Xi Jinping Stays Silent on Hong Kong, Forcing China to Reprint 2017 Threats

Mark Schiefelbein, AP
Mark Schiefelbein, AP

Communist Party leader Xi Jinping continues to remain silent on the nearly three-month-old Hong Kong pro-democracy movement, but the People’s Daily government newspaper reminded protesters Tuesday that, to Xi, any threat to China’s supremacy in the city is “absolutely impermissible.”

Xi made the remarks in 2017 during an event observing the 20th anniversary of the United Kingdom handing control of Hong Kong back to China with the caveat that Beijing could not impose communist law onto the city – a policy China has repeatedly attempted to violate. In its latest attempt, Beijing pushed Hong Kong’s unelected leadership to pass a law that would allow the Chinese regime to extradite anyone present in Hong Kong for violating communist law, making that law viable on Hong Kong soil and thus violating the policy known as “One Country, Two Systems.” The extradition law campaign triggered the ongoing protest movement, which shut down Hong Kong International Airport for a second day on Tuesday.

Xi Jinping has refused to publicly comment on the event occurring in Hong Kong.

In lieu of the nation’s authoritarian ruler remarking on a protest movement that has attracted as many as 2 million of the city’s 7 million residents at a time, the People’s Daily published threats to pro-democracy protesters on Tuesday based on Xi’s comments two years ago.

“Any attempt to endanger national sovereignty and security, challenge the power of the central government and the authority of the Basic Law of the HKSAR [Hong Kong Special Administrative Region] or use Hong Kong to carry out infiltration and sabotage activities against the mainland is an act that crosses the red line, and is absolutely impermissible,” the People’s Daily paraphrased Xi as saying.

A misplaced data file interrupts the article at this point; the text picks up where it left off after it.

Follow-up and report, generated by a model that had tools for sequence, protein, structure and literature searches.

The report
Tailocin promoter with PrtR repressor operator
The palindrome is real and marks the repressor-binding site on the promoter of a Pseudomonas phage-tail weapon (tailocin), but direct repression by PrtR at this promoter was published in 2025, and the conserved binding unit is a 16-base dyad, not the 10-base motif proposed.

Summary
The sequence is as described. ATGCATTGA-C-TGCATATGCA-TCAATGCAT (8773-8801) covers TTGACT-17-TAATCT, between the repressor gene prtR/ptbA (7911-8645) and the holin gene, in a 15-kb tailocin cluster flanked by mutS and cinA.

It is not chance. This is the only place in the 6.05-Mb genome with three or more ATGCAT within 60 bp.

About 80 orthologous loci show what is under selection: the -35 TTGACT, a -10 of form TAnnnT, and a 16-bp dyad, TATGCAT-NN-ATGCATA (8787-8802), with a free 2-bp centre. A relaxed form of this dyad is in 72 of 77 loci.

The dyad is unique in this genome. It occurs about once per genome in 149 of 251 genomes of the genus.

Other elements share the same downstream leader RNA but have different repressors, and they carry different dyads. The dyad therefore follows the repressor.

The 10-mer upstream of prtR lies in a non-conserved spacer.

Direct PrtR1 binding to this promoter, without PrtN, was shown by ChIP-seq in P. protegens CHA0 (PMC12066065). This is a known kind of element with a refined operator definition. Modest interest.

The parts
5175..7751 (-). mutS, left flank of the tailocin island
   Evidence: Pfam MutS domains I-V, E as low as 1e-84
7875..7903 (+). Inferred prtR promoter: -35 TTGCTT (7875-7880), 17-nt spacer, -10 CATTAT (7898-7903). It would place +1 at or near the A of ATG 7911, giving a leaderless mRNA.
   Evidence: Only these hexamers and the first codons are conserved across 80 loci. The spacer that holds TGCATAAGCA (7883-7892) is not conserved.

The Communist Party newspaper article goes on to brand the Hong Kong protesters as “ultra-radicals” seeking a “color revolution” – a term for the peaceful, pro-democracy protests of the turn of the century in Eastern Europe that China and Russia use derisively – and accuse them of terrorism.

The newspaper claimed the protesters “assaulted police officers” and generally engaged in violence against civilians, contradicting the widely available video and photo evidence of police attacking protesters with tear gas and shooting pellets and bean bags at them. Officers have also allowed attacks on protesters by masked, white-clad mobs brandishing metal rods; the first such attack resulted in 45 people being hospitalized after police took over half an hour to respond to emergency calls.

“These violent acts [by the protesters] have been well-organized and planned. The rioters make waves, create ‘black terror’ which targets the masses, and daydream of dragging Hong Kong down,” the People’s Daily alleged. “Rules are rules. Any attempt to cross or break the red line must be prohibited. Strict law enforcement from the police force is the first step, and harsh justice from judges in Hong Kong is the second step.”